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Started by: Caroline Seymour

A taster of wthe worldwide community on Facebook.

Go to latest contribution by Caroline Seymour, 07 July 2015, 13:40. Go to bottom of this page.

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Contribution from Caroline Seymour 05 February 2015, 22:07top / bottom of page

I recently became aware of two very active AGS groups on Facebook. People from around the world contribute on a regular basis. Here are some samples: Campanula posted by Milena Parteli from Slovenia, Pulsatilla posted by Andrey Dedov from Russia, and my favourite, a wood carpeted pink with Erythronium japonicum posted by Yuukou Saitou from Japan.

If you are concerned, as I was, about advertising, I can confirm that I am not conscious of any in connection with these groups. You have to register on Facebook in order to see the posts, but you need do no more. The two pages I mention are 'Alpine Garden Society (East Lancs Group)' and 'Hampshire Alpine Garden Society'. You will need to request to join the group and then you will receive notification in your email of each post. These can all be deleted, just following one into Facebook to see what is happening.

Do give it a try.

Contribution from Tim Ingram 09 February 2015, 17:14top / bottom of page

Those are wonderful pictures Caroline! We haven't been on Facebook very much because time seems to be taken up with this and the SRGC websites which hopefully are viewed by quite a few alpine enthusiasts, but there is obviously a lot more out there, and probably more communication between different enthusiasts. Certainly looks well worth viewing but presumably Facebook is not able to share more practical experiences of growing alpines so easily? Really great to see them in the wild like that and even more exciting sometimes when that rare pulsatilla (whichever species one has grown) flowers in the garden for the first time. I eagerly anticipate flowers on several less common species that we now have. Will maybe link in with Facebook more this year.

Contribution from John Richards 14 February 2015, 10:09top / bottom of page

I feel a bit like Tim. I am registered on Facebook but am very inactive and prefer other means of communication. But thats a fantastic pulsatiilla! Does anyone know what it is?

Contribution from Tim Ingram 14 February 2015, 19:05top / bottom of page

Caroline - have just had a closer look at the Hampshire Facebook site. Lots of interesting plants, places and people! Will keep looking in...

Contribution from Caroline Seymour 16 February 2015, 22:45top / bottom of page

I'm so glad you have had a look. You do a great job on the AGS discussion, Tim. I was just looking for ways to encourage more AGS members to join in, since we already have an active following from individuals around the globe. I completely stunned a group of younger relatives at the weekend by enthusing at how exciting Facebook can be when they thought it was all rather boring. I have not yet got to grips with Twitter, but I gather Paddy Hinton (Hants Gp chair) has more than 1000 followers!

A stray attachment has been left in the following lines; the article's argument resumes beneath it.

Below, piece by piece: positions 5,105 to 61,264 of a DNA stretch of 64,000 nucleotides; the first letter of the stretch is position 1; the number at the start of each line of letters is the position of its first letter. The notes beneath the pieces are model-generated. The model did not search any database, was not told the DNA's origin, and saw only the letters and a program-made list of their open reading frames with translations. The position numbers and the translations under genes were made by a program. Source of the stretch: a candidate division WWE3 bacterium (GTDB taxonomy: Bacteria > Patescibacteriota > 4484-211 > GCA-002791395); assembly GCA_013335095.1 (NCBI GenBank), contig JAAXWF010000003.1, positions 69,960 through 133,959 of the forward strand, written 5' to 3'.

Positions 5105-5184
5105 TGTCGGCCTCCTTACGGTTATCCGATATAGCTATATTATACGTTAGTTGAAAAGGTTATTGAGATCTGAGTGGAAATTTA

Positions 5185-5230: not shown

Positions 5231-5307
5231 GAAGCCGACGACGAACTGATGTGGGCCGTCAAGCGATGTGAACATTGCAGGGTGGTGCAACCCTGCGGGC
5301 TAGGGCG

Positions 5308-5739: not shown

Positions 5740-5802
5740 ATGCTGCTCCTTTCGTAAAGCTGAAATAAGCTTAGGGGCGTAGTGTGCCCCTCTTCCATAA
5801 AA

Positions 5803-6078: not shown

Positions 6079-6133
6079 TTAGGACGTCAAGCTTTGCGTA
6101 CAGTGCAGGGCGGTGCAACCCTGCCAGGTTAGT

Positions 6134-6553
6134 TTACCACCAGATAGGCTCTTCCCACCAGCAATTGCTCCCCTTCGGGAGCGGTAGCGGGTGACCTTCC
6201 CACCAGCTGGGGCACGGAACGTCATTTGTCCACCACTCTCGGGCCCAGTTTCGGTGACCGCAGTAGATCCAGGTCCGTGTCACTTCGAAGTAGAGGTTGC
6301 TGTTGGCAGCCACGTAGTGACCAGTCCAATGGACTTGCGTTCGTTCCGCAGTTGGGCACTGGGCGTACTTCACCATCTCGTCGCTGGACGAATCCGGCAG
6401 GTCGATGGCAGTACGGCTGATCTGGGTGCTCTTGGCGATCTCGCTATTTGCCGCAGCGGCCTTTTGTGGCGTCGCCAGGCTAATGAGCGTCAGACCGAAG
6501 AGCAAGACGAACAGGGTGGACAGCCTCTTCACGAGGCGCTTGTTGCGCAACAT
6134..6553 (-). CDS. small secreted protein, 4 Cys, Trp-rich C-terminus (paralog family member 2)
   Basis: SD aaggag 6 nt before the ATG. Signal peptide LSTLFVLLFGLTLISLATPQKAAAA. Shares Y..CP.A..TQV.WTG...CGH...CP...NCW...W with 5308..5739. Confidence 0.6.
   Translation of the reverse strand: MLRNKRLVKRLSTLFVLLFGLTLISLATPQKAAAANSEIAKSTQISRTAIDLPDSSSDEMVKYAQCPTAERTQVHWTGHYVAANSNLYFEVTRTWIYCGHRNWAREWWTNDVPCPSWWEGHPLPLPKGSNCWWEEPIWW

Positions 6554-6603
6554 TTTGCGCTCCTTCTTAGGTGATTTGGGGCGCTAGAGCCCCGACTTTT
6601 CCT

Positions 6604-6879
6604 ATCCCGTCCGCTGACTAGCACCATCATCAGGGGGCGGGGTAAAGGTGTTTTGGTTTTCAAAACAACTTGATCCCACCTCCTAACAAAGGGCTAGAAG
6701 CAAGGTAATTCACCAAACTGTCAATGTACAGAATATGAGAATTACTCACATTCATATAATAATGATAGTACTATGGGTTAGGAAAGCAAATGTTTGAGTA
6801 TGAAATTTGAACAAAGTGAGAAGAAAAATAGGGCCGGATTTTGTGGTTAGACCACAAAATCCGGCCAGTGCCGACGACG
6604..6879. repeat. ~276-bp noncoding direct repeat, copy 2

Contribution from Tim Ingram 17 February 2015, 00:08top / bottom of page

Hi Caroline! I think the biggest problem I have with the Internet is the ridiculous number of different ways people communicate with one another, but on other hand how this can also be so exciting and interesting. I must admit I'd hoped for more on the AGS site - maybe it will come - because the whole point of the Internet is interaction, and the whole point of interaction learning about what other people do and benefiting from it. We can have our heads a bit in the clouds here sometimes, not really acknowledging one another. Facebook does look really stimulating, and it's fascinating to see what excitement others get from plants in so many different ways.

Contribution from Caroline Seymour 19 February 2015, 16:33top / bottom of page

John, I believe it is Pulsatilla multifida. At least, that's the title on Andrey's album, but I cannot be sure as there is enormous variation in the album. A second album titled P. Turczaninovii has rather similar plants. 

Contribution from Caroline Seymour 19 February 2015, 16:56top / bottom of page

To clarify, those two pics are from the P. Multifida album. The one below is from the other and not showing the colour variations. 

 

 

Contribution from Tim Ingram 19 February 2015, 19:37top / bottom of page

Extraordinary and exciting pictures Caroline. Brilliant to see them reproduced on the AGS website. It confirms everything you say. What a meadow of pulsatilla! No wonder  Susann Nillson and Olga Bondareva are so captivated by these plants in the wild - they take the breath away!

Contribution from Tim Ingram 02 March 2015, 10:29top / bottom of page

Just had another look at the Hampshire Facebook Group site (Gillian and I share ours - seems stupid to set up two). Really struck by the good display of plants at the Hants AGS meeting with Kevin Hughes. Must work on this in Kent. I'm also trying to imagine the combination of John Massey and Roy Lancaster - an incredible double act! Very interesting to see the images and comments on the site.

Contribution from Caroline Seymour 13 April 2015, 21:30top / bottom of page

So why haven't you joined, Tim? :)

Contribution from Tim Ingram 14 April 2015, 08:00top / bottom of page